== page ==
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August 7, 2019

Which Places Pay the Most in Property Taxes?

Property taxes are an important tool to help finance state and local governments. In fiscal year 2016, property taxes comprised 31.5 percent of total state and local tax collections in the United States, more than any other source of tax revenue. In that same year, property taxes accounted for 46 percent of localities’ revenue from their own sources, and 27 percent of overall local government revenue.[1]

Median property taxes paid vary widely among the 50 states. The lowest bills in the country are in 13 counties with median property taxes of less than $200 a year. This group is made up of three counties in Alaska (Aleutians East Borough, Kusivlak Census Area, and Southeast Fairbanks Census Area), seven parishes in Louisiana (Allen, Avoyelles, Bienville, East Feliciana, Madison, Red River, and Winn), Alabama’s Choctaw County, New Mexico’s Harding County, and Kenedy County in Texas. The next-lowest median property tax is $215 in Lamar County, Alabama, near the Mississippi border and about halfway up the state.

The five counties with the highest median property tax payments all have bills exceeding $10,000— Bergen and Essex Counties in New Jersey, and Nassau, Rockland, and Westchester Counties in New York. All five of these counties are located near New York City.

Which Places Pay the Most in Property Taxes?

Median Property Taxes Paid by County, 2017 (5-year estimate)

Note: Missing values are due to small sample sizes in low-population counties.

Source: U.S. Census Bureau, 2017 American Community Survey dataset B25103.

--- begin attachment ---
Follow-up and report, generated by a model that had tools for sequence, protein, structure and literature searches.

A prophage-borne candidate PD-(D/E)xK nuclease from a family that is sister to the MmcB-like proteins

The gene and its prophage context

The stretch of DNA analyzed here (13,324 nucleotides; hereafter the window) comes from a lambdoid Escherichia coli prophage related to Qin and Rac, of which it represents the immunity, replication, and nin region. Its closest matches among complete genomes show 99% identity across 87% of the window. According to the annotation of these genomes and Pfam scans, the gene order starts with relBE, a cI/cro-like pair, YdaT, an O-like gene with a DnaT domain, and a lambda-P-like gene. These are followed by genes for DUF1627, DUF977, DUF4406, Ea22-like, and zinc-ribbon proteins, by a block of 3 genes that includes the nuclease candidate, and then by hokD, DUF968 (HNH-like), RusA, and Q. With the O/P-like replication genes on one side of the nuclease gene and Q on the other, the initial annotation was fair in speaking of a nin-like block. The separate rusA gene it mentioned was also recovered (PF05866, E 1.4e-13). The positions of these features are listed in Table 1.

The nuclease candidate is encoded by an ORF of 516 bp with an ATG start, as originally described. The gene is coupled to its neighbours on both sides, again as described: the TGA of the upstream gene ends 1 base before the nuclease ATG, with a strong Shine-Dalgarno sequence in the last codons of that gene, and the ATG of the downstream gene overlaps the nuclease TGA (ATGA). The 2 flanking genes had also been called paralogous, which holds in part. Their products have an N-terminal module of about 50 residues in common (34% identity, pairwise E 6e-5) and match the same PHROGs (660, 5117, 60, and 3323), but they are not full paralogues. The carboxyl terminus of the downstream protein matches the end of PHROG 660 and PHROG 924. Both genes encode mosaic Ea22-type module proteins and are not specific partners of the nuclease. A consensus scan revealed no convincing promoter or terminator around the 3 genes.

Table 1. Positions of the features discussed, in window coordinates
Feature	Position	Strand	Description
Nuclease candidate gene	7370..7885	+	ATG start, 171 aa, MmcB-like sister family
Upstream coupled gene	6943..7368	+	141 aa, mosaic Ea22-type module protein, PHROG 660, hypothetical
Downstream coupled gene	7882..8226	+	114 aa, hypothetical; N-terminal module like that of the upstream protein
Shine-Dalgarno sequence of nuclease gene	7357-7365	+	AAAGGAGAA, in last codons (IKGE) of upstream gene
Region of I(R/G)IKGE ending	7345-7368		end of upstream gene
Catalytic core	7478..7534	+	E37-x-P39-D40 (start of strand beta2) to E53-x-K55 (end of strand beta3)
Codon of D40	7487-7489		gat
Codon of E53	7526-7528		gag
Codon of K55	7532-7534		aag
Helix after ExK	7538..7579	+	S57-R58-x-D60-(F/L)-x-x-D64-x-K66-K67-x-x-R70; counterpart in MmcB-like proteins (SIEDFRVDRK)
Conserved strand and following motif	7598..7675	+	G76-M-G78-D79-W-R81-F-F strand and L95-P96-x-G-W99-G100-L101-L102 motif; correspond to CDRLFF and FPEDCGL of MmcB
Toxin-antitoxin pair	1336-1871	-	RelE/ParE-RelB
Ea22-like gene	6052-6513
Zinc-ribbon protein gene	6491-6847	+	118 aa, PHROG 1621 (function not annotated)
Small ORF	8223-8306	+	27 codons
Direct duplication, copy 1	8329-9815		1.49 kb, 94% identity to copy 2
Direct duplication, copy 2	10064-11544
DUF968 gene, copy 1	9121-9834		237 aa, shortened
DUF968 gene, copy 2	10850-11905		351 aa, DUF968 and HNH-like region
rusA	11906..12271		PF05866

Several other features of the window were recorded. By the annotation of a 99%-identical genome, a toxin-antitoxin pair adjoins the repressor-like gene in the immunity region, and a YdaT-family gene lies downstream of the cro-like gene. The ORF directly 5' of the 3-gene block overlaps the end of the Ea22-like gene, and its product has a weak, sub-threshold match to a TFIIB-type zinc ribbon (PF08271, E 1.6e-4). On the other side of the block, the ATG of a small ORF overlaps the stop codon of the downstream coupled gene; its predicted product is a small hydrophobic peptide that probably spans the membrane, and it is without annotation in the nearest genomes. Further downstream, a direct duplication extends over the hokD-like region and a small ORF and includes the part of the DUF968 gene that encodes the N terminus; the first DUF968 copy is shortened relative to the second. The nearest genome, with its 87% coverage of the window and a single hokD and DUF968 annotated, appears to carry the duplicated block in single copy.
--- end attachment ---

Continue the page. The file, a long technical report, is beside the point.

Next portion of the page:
The above map is interactive — hover the mouse over a given county to see the median amount of property tax residents there pay. Click here to see a larger version.

Reliance on property taxes varies among states, but also within states. In Georgia, for example, where the median property tax bill is relatively low, median taxes range from $506 in Treutlen County (in the middle of the state) to $2,761 in Fulton County (a suburb of Atlanta). This is typical among states—higher median payments tend to be concentrated in urban areas. This can be partially explained by the prevalence of above-average home prices in urban cities. Because property taxes are assessed as a percentage of home values, it follows that higher property taxes are paid in places with higher housing prices.

While no taxpayers in high-tax jurisdictions are going to be celebrating their yearly payments, it’s worth noting that property taxes are largely rooted in the “benefit principle” of government finance: the people paying the bills are most often the ones benefiting from the services.


[1] Census 2016 State and Local Government Finances by Level of Government and by State.

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